Sunday, July 15, 2007

Petraeus the Scapegoat

By Michael J.W. Stickings

There's an interesting piece by Thomas Ricks, who perhaps knows as much about the Iraq War and its politics as anyone in the MSM, in today's WaPo -- and it concerns the use and possible abuse of Gen. David Petraeus, the top U.S. commander in Iraq.

Although Petraeus is Bush's "main man" in Iraq (more than Amb. Ryan Crocker, it seems), and although Bush claims to "trust" Petraeus, it seems that, following Bush's (and the White House's) modus operandi, Petraeus could take the blame, and the fall, if the situation in Iraq doesn't improve:

With opposition to Bush's Iraq strategy escalating on Capitol Hill, the president has sought, at least rhetorically, to transfer some of the burden of an unpopular war to his top general in Baghdad, wielding Petraeus as a shield against a growing number of congressional doubters. In speeches and meetings, the president has implored his critics to wait until September, when Petraeus is scheduled to deliver a much-anticipated assessment of the U.S. mission in Iraq...

Some of Petraeus's military comrades worry that the general is being set up by the Bush administration as a scapegoat if conditions in Iraq fail to improve. "The danger is that Petraeus will now be painted as failing to live up to expectations and become the fall guy for the administration," one retired four-star officer said...

"It seems to me almost an act of desperation, the administration turning to the one most prominent official who cannot act politically and whose credibility is so far unsullied, someone who is or should be purely driven by the facts of the situation," said Richard Kohn, a specialist in U.S. military history at the University of North Carolina. "What it tells me, given the hemorrhaging of support in Congress, is that we're entering some new phase of the end game."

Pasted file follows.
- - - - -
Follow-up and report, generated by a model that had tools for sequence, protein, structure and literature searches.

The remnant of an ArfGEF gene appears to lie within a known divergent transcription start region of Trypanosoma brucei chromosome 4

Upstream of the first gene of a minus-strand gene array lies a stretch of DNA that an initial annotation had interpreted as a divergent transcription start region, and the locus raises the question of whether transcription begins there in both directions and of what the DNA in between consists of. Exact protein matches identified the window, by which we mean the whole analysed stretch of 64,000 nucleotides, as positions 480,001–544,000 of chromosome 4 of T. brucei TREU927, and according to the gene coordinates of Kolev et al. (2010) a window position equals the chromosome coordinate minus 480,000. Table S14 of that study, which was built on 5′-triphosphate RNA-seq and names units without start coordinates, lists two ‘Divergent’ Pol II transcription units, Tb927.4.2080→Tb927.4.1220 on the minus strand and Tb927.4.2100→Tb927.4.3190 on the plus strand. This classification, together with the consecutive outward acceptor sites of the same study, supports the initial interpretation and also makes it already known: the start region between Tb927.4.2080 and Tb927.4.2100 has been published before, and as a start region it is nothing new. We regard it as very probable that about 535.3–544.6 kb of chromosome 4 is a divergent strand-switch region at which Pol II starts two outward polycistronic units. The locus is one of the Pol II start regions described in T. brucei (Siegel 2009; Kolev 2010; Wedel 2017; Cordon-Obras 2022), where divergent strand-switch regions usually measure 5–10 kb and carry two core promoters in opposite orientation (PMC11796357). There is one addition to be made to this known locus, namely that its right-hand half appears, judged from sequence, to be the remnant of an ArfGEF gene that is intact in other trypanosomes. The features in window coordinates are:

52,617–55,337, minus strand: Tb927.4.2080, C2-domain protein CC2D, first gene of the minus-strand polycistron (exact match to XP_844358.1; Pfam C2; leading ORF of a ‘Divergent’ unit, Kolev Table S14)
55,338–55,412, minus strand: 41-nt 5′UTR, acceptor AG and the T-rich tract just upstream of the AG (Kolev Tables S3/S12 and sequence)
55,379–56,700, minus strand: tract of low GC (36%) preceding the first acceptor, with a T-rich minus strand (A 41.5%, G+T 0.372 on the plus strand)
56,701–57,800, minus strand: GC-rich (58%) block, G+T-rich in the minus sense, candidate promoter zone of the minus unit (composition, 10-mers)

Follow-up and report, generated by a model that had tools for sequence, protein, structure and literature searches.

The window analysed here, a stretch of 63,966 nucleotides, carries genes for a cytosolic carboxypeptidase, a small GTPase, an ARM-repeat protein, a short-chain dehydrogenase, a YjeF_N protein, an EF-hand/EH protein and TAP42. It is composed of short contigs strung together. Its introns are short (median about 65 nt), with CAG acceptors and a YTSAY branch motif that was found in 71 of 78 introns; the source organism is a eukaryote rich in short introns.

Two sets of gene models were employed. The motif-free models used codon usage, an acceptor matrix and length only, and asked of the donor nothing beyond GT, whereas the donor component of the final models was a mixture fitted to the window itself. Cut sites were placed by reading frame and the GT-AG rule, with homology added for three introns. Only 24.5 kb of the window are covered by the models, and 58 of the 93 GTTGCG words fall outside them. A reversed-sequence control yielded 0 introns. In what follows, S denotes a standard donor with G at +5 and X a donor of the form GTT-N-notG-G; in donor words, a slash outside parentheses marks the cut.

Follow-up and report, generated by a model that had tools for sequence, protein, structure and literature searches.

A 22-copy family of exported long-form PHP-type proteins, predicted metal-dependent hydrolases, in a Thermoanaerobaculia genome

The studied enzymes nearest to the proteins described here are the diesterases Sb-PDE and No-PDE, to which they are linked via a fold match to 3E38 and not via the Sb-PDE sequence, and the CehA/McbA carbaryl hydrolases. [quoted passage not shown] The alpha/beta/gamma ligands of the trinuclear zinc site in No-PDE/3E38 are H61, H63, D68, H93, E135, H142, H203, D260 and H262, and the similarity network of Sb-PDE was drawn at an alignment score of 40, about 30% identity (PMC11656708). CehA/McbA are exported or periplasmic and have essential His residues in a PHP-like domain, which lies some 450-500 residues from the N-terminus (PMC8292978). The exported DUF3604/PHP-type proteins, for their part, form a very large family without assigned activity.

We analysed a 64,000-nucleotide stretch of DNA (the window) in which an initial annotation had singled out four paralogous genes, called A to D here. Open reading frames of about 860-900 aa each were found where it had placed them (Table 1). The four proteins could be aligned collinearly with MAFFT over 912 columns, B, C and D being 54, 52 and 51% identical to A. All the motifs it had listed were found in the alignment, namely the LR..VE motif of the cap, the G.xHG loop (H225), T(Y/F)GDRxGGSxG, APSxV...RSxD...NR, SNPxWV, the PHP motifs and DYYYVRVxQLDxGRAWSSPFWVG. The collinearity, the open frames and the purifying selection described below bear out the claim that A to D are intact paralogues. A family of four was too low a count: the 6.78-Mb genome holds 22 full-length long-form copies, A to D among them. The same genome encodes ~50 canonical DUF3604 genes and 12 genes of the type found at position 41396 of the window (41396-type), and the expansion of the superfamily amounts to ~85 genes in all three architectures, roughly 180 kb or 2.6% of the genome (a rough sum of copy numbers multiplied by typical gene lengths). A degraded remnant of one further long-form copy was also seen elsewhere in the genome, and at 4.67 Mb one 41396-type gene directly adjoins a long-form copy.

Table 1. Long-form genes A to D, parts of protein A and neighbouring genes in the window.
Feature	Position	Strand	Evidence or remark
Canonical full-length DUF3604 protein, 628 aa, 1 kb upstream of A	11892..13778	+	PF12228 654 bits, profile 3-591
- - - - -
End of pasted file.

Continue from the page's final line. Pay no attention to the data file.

This president and this White House have thus far refused to be held accountable for anything that has gone wrong -- which has been, well, a lot. Iraq has been no exception, nor will this "new phase of the end game" be one. Bush came to Washington in 2000 talking up accountability and responsibility, but his presidency has been quite the opposite. He has wanted to claim to be The Decider, the guy who calls the shots, as if to put down all those nasty rumours that he is nothing but a puppet, but, all along, there have been others calling the shots and, more visibly, others being blamed. No WMD in Iraq? Oh, that was Tenet's fault -- really, the fault of the whole damned intelligence community. The Plame leak? Oh, that was Libby, of course, only Libby, no one else, certainly not Rove or Cheney. And they've all done it: Bush, Cheney, Rumsfeld, Wolfowitz, Gonzales. The culture of scapegoating runs amok with this crew.

And, as Ricks reminds us, other generals have been scapegoated, too: Shinseki, Casey, Pace. Even Petraeus himself once had his serious disagreements with Bremer. Not serious enough to have been scapegoated, perhaps -- but suffice it to say that he "was not always Bush's main man". And he will perhaps be scapegoated even if he finds signs of progress in Iraq -- progress, however defined, but it won't be enough. The war is lost, Bush's war, and someone, anyone, will need to be found to take the blame. As former Pentagon official Lawrence Korb puts it: "This is an administration that wants to blame the generals."

And who is left but Petraeus?

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